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Mario 64, by contrast, suggested you ping back and forth between levels, catering perfectly to the attention span of its pre-teen players. Sick of slipping off the edge of Cool, Cool Mountain? No problem: run back to Bob-omb Battlefield and see what's happening there instead.
The game's magic lay in the fact that these worlds changed when you weren't visiting them. They might not be so different that you noticed right away - the jagged, polygonal terrain didn't shift, and the skybox remained static. But perhaps the second time you slipped down the chimney of Cool, Cool Mountain's chalet, there was an enormous penguin waiting to challenge you to a race down the ice slide. Or when you returned to the Battlefield, the red bob-ombs had awoken their cannons from slumber, allowing you to clamber inside and fire yourself onto a distant floating island.
There's an elegance to this arrangement that puts me in mind of classical music - specifically a form of composition known as 'theme and variation', where an initial melody is reworked several times over, altered by changes to rhythm or orchestration. To my mind, Bob-omb Battlefield's first-star boss fight is that first 'theme'; each time you go back, you get to play a new variation that reimagines the course as a racetrack, or a game of hide-and-seek, or eventually even an airfield. The same space is reinterpreted, and you never know quite what it's going to be next.
That's a pretentious interpretation, of course. Nintendo's decisions during development won't have been driven purely by fanciful design ideals, but informed by practical concessions, too. Mario 64's structure may have just helped the company cover for some of the technical limitations of its game, which let's not forget, was released in the earliest days of 3D platforming. But by turning loading screens into leaps through paintings that rippled as Mario hit their surface, it evoked the childlike escapism of CS Lewis's Narnia novels. And as in Narnia, time seemed to pass behind those paintings when we weren't looking.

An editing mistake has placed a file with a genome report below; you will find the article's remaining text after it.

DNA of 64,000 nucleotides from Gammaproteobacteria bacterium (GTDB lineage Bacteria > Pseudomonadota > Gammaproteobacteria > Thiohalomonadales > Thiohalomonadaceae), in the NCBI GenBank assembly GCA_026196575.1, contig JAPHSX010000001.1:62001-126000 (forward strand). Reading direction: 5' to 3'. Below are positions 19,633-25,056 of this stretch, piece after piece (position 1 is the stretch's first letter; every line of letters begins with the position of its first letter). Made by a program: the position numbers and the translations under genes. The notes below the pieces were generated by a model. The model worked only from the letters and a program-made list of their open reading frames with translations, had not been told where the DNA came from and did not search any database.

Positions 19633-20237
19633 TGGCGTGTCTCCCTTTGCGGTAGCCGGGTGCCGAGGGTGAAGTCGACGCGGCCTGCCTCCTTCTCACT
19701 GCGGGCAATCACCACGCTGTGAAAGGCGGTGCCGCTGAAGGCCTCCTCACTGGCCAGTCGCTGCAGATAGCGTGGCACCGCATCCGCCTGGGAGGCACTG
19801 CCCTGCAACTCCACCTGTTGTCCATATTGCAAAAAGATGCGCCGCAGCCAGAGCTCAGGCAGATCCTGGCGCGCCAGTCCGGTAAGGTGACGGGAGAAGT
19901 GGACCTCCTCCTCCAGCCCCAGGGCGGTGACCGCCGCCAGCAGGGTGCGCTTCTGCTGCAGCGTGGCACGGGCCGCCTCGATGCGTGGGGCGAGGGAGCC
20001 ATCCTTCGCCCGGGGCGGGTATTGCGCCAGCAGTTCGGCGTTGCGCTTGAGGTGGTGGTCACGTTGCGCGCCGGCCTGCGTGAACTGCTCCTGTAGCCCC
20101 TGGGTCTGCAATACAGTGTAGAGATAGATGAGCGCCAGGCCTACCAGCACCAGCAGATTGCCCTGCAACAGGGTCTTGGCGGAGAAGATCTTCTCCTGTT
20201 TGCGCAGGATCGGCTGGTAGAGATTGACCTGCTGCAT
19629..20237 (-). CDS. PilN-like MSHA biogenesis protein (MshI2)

In so many ways, Super Mario Odyssey is a faithful successor to its Nintendo 64 parent. Even after all those years, its moveset is practically identical - the same tricks for lengthening a jump work now as did back then. But where Odyssey captures the sense of travelling between countries, Mario 64's paintings-come-to-life convinced as whole other worlds.
Given this childlike structure it's probably no coincidence that, unusually for the time, Nintendo invited children to playtest Mario 64. The developers watched for half a day as a row of Japanese middle-schoolers messed about in Bob-omb Battlefield. Shigeru Miyamoto recounted the event in an interview for a strategy guide, translated by Shmuplations.
"My child was one of them, actually," he said. "Seeing him try dozens of times, over and over, to get up this unclimbable hill, as a parent I couldn't help but think, 'Geez, does this kid have any brains?'
"Afterwards we asked the children what they thought of the game, and they said it was fun, and that they wanted to play it again."
It's easy to see why. Children are daydreamers, and Peach's Castle was a daydreamer's paradise - a place where, if you looked hard and long enough at a painted sky, you might just fall into it.
Featured Image Credit: Nintendo